There is a distinct difference between drinking beer and tasting beer.
Drinking beer is easy!
Tasting beer on the other hand needs training and practice. With tasting, the goal is to pick up all the characteristics of the beer and evaluate it.
There are rules we must follow in order to properly evaluate beer. This ensures we’re giving each beer a level playing field and allowing each beer to shine in the way the brewer intended.
First rule is glassware,
Having the right glassware makes a massive difference in your sensory experience. There are many different types of glassware that suit different styles. However the main rules for tasting glassware are:
1 - Use a “Bowled” glass, like a white wine glass or tulip glass.
2 - Don’t fill the glass more than a third full.
Following both these rules allows the aromas to be captured better within the glass and not let them escape before we get a chance to evaluate them.
The next rule is temperature
Serving the beers at the correct temperature further enhances the sensory experience.
The general rule of thumb is lower alcohol beers should be served at lower temperatures. Higher alcohol beers should be served at warmer temperatures. The graph shown is the optimal serving temperatures for those styles.
As a heavy dark beer like an imperial stout warms us to room temperature, it opens up the beer allowing for a deeper more intense sensory experience. Next time you have an imperial stout, try taking it out of the fridge an hour or so before you drink it.
Tasting like a beer judge
There are seven steps to the tasting process.
Figure 1: Tasting Beer (2nd Edition): An insiders guide to the worlds greatest drink, Randy Mosher, 2017
1 - Tabletop
While the beer is sitting on the table, can you smell anything?
2 - Drive by
Lift the glass up and move it past your nose while inhaling.
Beer contains lots of delicate and extremely volatile compounds that evaporate quickly. These compounds are best smelled at a distance.
4 - Short Sniff
The ‘Swirl’ and ‘Short Sniff’ steps work hand in hand.
Swirling the beer allows compounds and aromas to be released into the glass.
To perform the short sniff, pull your glass right up to your nose and take multiple short, sharp, sniffs. Think like a bloodhound sniffing for drugs, the same processes are taking place.
By using short, sharp, sniffs we are opening up our olfactory and allowing more aroma into the nose.
5 - Look at the beer!
We often drink withT our eyes. The more pleasing a beer looks the better it will taste, we’re also looking to see if the beer looks to style. Look for colour, clarity and head retention.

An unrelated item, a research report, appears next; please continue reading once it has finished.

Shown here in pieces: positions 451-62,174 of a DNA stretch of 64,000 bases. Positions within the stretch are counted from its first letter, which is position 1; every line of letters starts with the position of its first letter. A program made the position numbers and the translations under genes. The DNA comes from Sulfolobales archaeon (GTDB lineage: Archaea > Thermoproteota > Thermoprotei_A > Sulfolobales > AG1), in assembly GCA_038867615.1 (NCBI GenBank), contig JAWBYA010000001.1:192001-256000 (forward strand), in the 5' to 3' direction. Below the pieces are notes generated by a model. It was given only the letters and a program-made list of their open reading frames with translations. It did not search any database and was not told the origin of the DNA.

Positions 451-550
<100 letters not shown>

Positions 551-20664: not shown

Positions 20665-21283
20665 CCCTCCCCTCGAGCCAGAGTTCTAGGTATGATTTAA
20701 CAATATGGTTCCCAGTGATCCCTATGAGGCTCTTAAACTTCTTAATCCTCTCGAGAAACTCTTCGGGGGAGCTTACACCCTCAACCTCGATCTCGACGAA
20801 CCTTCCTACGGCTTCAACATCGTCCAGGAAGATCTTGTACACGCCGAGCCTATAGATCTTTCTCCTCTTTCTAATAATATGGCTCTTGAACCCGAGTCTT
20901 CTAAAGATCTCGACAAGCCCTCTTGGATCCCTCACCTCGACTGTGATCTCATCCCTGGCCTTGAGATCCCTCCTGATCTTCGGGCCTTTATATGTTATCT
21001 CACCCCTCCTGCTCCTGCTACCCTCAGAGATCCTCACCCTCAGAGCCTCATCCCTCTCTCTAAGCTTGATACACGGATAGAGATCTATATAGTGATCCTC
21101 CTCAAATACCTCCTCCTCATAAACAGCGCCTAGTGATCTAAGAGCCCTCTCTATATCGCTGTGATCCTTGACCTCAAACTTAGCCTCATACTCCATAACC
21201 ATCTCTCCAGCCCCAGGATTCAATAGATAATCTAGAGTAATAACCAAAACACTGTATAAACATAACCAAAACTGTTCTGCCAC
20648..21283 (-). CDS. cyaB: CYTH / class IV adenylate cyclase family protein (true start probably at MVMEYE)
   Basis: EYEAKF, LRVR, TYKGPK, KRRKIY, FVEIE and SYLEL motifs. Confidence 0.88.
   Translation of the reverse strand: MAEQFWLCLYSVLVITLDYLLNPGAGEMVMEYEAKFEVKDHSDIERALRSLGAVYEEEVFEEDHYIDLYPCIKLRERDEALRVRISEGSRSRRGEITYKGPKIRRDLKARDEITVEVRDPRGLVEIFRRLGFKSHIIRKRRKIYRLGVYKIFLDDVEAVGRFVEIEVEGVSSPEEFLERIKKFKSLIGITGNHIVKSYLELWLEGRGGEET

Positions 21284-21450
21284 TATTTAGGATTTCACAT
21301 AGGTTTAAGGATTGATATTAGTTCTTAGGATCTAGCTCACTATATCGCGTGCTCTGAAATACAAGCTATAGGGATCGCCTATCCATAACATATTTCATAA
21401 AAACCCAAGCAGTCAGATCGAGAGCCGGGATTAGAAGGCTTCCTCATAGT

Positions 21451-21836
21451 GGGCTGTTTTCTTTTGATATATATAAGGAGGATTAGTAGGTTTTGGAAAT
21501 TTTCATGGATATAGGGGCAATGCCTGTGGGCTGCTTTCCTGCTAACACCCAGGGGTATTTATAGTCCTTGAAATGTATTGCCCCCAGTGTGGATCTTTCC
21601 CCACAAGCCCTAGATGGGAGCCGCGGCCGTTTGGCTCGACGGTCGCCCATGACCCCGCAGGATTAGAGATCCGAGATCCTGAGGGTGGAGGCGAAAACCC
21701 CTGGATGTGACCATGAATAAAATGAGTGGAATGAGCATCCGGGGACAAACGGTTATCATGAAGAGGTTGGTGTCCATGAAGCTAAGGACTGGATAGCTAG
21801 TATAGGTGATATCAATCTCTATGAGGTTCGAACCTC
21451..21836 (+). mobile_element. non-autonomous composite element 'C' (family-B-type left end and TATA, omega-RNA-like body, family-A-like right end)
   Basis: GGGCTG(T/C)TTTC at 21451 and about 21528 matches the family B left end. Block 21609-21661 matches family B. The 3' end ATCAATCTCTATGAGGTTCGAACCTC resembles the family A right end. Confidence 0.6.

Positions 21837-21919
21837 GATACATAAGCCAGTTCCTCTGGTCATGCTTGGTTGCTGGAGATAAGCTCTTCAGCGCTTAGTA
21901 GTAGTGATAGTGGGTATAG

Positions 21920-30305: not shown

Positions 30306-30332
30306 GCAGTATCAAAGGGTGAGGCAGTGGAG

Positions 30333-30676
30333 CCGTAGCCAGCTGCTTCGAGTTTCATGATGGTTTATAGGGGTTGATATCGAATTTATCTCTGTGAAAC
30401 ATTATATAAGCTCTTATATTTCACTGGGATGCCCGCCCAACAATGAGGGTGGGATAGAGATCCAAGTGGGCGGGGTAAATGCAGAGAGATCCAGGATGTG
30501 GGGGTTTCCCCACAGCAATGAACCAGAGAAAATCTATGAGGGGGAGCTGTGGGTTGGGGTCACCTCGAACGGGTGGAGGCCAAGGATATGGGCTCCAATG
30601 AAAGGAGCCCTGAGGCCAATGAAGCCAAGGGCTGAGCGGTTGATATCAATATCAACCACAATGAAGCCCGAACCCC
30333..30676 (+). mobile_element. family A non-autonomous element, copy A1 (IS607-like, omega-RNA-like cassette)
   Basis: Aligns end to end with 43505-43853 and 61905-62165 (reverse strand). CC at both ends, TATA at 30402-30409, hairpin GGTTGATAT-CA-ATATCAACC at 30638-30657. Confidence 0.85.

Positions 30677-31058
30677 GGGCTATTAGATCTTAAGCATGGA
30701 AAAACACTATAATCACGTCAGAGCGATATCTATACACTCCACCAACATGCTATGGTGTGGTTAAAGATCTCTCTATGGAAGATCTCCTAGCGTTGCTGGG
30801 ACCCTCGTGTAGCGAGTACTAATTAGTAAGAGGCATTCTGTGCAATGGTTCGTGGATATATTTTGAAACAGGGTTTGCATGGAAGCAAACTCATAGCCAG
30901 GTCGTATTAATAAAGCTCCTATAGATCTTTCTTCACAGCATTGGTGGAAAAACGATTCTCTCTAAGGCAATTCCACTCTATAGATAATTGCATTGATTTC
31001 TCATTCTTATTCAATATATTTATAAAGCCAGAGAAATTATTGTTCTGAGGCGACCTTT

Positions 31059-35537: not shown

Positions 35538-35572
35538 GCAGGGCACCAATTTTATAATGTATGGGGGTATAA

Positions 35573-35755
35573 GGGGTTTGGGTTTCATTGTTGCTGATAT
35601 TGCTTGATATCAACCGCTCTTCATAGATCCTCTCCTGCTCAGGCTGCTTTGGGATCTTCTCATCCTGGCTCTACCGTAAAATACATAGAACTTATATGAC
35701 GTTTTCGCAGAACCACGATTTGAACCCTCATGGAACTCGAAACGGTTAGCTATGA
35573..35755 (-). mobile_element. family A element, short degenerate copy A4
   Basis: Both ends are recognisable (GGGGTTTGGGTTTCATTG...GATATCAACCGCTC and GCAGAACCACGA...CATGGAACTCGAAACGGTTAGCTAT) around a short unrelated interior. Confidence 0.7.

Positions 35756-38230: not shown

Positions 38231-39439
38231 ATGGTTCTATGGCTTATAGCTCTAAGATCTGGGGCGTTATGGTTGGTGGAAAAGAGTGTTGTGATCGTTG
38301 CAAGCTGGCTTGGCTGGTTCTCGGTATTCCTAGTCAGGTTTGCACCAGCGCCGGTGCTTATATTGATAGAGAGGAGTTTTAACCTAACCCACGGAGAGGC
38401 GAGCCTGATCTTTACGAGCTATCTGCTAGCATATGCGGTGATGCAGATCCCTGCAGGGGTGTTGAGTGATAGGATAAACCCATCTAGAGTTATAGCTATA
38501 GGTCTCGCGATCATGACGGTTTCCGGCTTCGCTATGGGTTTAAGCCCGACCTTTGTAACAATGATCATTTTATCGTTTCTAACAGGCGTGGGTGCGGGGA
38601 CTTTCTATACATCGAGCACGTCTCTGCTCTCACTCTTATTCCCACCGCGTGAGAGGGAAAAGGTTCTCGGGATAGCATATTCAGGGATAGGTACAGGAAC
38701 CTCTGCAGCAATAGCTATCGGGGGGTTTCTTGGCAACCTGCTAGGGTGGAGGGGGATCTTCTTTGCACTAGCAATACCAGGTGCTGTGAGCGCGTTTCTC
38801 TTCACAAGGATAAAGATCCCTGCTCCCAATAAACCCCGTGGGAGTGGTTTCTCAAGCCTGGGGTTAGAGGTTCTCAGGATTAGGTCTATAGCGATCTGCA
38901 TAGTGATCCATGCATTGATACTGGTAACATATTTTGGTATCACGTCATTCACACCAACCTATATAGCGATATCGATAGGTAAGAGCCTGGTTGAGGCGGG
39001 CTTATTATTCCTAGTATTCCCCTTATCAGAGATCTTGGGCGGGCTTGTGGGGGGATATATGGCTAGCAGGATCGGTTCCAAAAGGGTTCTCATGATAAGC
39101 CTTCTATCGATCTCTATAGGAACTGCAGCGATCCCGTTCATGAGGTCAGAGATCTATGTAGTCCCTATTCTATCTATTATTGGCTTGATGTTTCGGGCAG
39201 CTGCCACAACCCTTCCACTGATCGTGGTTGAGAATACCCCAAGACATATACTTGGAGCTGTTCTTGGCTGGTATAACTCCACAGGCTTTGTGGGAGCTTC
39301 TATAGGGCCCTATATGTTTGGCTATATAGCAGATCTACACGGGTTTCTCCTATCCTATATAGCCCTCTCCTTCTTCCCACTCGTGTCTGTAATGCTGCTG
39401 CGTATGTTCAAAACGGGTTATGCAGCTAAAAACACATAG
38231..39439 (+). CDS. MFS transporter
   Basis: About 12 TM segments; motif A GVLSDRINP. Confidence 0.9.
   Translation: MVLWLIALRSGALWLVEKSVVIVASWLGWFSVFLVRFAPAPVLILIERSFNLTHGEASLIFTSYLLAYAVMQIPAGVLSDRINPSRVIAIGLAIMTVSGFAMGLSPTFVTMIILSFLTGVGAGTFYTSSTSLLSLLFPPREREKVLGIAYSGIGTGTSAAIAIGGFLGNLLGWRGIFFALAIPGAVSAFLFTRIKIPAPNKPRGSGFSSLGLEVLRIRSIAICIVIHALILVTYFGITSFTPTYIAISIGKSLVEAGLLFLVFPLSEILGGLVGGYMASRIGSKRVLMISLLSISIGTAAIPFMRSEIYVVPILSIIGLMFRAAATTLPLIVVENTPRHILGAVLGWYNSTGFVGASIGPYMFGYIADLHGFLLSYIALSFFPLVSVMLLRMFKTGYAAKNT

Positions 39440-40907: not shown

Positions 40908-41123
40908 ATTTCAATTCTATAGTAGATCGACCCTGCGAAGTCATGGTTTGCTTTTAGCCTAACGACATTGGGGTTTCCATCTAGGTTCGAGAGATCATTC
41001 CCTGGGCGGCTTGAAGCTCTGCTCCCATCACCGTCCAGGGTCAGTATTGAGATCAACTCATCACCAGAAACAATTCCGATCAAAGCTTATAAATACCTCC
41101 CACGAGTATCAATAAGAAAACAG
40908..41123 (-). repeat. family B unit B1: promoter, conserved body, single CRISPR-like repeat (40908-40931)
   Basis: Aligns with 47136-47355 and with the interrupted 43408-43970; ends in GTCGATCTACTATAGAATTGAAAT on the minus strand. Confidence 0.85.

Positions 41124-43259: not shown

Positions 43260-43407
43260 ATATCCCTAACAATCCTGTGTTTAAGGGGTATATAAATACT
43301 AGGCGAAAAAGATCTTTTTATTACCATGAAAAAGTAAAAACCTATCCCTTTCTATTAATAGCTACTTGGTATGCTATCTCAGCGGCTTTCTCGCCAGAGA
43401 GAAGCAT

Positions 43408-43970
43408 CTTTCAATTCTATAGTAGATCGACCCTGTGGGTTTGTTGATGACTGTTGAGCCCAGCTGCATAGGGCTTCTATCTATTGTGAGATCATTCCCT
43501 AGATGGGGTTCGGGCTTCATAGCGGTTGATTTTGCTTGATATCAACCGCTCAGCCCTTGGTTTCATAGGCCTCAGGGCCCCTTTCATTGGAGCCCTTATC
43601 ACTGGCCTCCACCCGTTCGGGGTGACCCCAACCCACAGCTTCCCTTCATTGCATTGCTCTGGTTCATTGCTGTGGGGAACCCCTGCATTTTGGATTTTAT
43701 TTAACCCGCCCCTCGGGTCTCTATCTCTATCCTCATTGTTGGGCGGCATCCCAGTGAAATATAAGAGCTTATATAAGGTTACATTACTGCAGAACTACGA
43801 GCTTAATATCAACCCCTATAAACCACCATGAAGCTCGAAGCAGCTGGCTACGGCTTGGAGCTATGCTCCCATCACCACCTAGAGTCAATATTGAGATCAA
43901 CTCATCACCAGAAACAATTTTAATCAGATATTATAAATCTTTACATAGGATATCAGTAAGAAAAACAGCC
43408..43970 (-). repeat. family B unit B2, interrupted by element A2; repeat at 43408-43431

The reason we evaluate smell before looking at the beer is so we don’t lose any of those important but highly volatile aromas in steps one and two.
6 - Taste the beer!
Take a sip, pay attention to how the beer changes in your mouth. Firstly the acidity, then the sweetness, and finally the bitterness. Bitterness in hoppy beers can take a while to fully evolve, allow the beer to sit in your mouth for a bit. Take your time.
We are also evaluating mouthfeel at this point. Look for the carbonation, the thickness or body of the beer and finally is there an oily slickness (we’ll talk more about oily slickness later)
Swallowing is also incredibly important (unlike in wine tasting) as there are bitterness receptors in your throat and stomach!
7 - Retronasal Olfaction (The Final Step)
As you swallow, breath out through your nose with your mouth closed. Once in your mouth, the beer gets attacked by enzymes in your saliva releasing even more aroma. As you breath out your brain fuses these aromas and the tastes on your tongue to produce even more depth to the flavours!
Figure 2: Tasting Beer (2nd Edition): An insiders guide to the worlds greatest drink, Randy Mosher, 2017
Let's look that the basic tastes:
- And more!
Sweetness is probably the most familiar sense to everyone. Sweetness in nature was used as an indicator of something with a high nutritional content, like fruit. The genetic wiring in our brain craves sweetness.
All beer has an element of sweetness and comes from the malt we use in the brewing process. When brewing we break down long starches into smaller sweet sugars. These sweet sugars are fermented into alcohol but often some remain. Giving the beer an inherent sweet character.
Sweetness is often used to balance hop bitterness. Higher bitterness levels require higher levels of sweetness in order to remain palatable.
Sour sensors in our mouth detect hydrogen ions, as all pH meters do. Sourness in our genetics is used to indicate the ripeness of fruit and is also a marker of spoiled foods (such as milk).
All beer is moderately acidic, with most having a pH of 4-4.5. With the exception of “sour” beers acidity plays a supporting role, boosting other flavours within the beer.
In “sour” beers such as fruit beers and lambics, the sourness plays a starring role. The sourness amplifies and brightens the fruit character.
These taste buds respond to sodium ions, which are an important part of our diets. Saltiness does not place a common role in beer other than boosting other flavours within the beer.
Bitterness in nature was originally only found in toxic chemicals, and as such the body has a lot of defence mechanisms to fight against bitterness. As plants evolved however, some plants such as hops developed bitterness compounds without the toxic chemicals as part of their defence mechanisms.